Factory No.1, Bristol

COMING SOON

Introduction

Known as Wills Factory No.1, the factory opened in 1886 and covered approximately 1.75 acres and included the street frontage that, today, forms Consort House. The factory continued to expand throughout the 19th and early 20th century and, in 1908, following the amalgamation of Wills with 12 other British tobacco manufacturers, Regent House was constructed as the headquarters of the resulting Imperial Tobacco Company.

City & Country will be creating a range of 1,2 and 3 bedroom apartments. With both the unique conversion in the historic buildings and the stylish new build, there will be a home to satisfy all tastes at Factory No.1. The focal point for the development is the urban oasis that is being created with stepped gardens of elegant shrubbery and planting.

Please register your interest to receive Sales & Marketing information in as it becomes available. We are hoping to launch this exciting development in 2018.

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History


Prior to the construction of the Wills Tobacco Factory, the site was occupied first by the medieval St Catherine’s Hospital that was founded in the thirteenth century and, later, by a Tannery that was demolished to make way for the Tobacco Factory. Known as Wills Factory No. 1, the factory opened in 1886 and covered approximately 1.75 acres and included the street frontage that, today, forms Consort House.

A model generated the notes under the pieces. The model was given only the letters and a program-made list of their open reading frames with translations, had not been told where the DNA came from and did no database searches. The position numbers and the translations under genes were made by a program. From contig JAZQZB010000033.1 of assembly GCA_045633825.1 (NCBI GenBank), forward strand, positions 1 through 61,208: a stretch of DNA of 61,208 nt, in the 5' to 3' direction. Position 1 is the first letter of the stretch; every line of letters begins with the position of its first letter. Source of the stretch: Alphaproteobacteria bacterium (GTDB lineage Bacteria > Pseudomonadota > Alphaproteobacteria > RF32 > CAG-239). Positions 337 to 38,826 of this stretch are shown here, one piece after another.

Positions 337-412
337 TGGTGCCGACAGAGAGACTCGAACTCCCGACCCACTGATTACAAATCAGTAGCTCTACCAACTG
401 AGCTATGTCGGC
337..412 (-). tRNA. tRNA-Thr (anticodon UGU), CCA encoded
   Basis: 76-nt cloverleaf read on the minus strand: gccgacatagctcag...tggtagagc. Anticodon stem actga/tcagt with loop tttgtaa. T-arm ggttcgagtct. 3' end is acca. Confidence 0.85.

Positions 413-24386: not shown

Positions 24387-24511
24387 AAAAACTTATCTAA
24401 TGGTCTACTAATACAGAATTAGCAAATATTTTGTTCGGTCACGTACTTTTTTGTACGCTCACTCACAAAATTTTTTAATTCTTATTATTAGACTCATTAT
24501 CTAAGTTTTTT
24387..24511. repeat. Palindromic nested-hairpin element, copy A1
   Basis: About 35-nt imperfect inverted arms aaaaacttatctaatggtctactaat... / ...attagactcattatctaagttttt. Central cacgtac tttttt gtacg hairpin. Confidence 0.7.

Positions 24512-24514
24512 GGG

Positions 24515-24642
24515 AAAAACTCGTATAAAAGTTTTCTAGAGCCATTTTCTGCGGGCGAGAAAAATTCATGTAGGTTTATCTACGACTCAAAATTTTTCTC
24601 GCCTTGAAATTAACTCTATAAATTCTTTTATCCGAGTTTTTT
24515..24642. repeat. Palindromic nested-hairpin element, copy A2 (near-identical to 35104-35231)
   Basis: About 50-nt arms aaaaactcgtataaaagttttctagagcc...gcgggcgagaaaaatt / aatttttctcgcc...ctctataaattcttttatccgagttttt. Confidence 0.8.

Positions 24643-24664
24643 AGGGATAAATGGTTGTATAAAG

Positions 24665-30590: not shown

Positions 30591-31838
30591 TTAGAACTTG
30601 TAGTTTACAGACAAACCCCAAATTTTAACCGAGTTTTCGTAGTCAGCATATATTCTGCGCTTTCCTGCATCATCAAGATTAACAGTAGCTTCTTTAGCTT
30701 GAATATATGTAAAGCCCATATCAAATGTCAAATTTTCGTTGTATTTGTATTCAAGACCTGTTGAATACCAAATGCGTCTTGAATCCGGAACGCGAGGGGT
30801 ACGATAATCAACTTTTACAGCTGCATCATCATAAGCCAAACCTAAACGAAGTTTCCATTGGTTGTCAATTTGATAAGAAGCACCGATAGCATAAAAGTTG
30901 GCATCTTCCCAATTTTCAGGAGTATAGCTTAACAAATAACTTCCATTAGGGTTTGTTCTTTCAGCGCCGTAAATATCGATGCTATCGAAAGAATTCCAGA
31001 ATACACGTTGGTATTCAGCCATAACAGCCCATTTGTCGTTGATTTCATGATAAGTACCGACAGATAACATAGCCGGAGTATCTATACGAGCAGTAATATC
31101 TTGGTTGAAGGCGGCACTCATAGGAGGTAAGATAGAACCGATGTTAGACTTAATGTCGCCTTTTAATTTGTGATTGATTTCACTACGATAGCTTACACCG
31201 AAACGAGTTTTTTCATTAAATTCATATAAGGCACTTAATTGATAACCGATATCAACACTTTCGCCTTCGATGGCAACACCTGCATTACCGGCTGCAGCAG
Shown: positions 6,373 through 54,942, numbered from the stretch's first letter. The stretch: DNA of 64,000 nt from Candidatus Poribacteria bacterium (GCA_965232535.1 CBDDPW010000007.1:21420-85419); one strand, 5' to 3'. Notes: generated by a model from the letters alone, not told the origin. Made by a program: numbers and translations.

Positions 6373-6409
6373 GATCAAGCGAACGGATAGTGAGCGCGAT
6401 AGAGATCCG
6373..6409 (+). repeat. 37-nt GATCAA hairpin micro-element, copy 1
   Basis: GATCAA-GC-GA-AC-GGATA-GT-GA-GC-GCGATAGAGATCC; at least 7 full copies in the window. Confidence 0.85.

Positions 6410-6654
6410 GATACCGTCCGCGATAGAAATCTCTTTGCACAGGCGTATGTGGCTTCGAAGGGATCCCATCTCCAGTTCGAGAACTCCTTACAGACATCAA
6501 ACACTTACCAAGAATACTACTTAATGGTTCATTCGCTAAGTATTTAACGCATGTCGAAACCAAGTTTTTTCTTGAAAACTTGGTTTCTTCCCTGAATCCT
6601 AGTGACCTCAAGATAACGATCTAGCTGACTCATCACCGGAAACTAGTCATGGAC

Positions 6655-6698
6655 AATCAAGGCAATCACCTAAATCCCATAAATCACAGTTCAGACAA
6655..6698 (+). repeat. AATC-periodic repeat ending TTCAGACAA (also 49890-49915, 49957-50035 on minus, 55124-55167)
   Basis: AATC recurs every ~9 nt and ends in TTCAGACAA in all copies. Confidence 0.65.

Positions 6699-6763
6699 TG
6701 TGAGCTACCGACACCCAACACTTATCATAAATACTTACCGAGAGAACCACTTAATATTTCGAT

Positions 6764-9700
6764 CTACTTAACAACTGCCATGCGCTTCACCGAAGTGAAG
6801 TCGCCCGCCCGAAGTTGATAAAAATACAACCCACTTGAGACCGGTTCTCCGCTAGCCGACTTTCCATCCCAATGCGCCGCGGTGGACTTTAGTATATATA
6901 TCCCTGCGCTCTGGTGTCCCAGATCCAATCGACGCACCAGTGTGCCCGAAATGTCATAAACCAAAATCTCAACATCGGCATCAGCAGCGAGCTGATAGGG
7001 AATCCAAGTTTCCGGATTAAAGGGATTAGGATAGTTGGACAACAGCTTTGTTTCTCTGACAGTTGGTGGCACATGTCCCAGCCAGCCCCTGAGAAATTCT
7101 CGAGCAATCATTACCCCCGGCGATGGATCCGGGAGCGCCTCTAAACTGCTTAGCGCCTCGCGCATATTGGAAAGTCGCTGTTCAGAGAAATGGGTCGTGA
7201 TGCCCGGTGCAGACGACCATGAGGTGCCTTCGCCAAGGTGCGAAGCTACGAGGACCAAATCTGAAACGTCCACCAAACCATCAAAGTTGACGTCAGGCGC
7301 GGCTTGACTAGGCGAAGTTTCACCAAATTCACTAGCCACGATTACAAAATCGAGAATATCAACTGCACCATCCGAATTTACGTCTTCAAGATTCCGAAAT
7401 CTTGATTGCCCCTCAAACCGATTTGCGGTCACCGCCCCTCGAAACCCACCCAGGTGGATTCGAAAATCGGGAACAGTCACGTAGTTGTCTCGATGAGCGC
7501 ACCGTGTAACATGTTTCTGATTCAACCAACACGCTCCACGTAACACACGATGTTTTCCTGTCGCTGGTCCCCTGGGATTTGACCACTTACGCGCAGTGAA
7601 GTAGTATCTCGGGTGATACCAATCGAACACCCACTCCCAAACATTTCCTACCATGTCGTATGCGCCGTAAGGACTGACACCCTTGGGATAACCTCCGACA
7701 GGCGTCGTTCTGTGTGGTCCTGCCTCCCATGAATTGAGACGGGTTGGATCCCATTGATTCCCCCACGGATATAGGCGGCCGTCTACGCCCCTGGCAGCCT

The factory continued to expand throughout the nineteenth and early twentieth centuries and, in 1908, following the amalgamation of Wills with 12 other British tobacco manufacturers, Regent House was constructed as the headquarters of the resulting Imperial Tobacco Company. Tobacco products continued to be manufactured at Factory No. 1 until the late 1970s when both production and Imperial Tobacco’s headquarters were transferred to the Lakeshore building in Hartcliffe

W.D. and H.O. Wills was founded in 1786, and their first shop was located in Castle Street in the centre of Bristol. Factory No.1 was built between 1884 and 1886 by Sir Frank Wills, utilising red Cattybrook brick, limestone and slate and continues to be one of Bedminster’s most recognisable landmarks. Initially, the factory was constructed fronting onto Bedminster Parade, bounded to the west by the rear of properties fronting onto Lombard Street, to the north by Brook Street, and to the east by a timber yard. 

By the turn of the 20th century the housing along Brook Street has been demolished and the factory has expanded to the north and northeast. The Wills Tobacco Factory closed in 1988 and the buildings were largely demolished, retaining the Grade II Listed facades fronting onto Bedminster Parade and Lombard Street, the internal structures replaced by modern offices.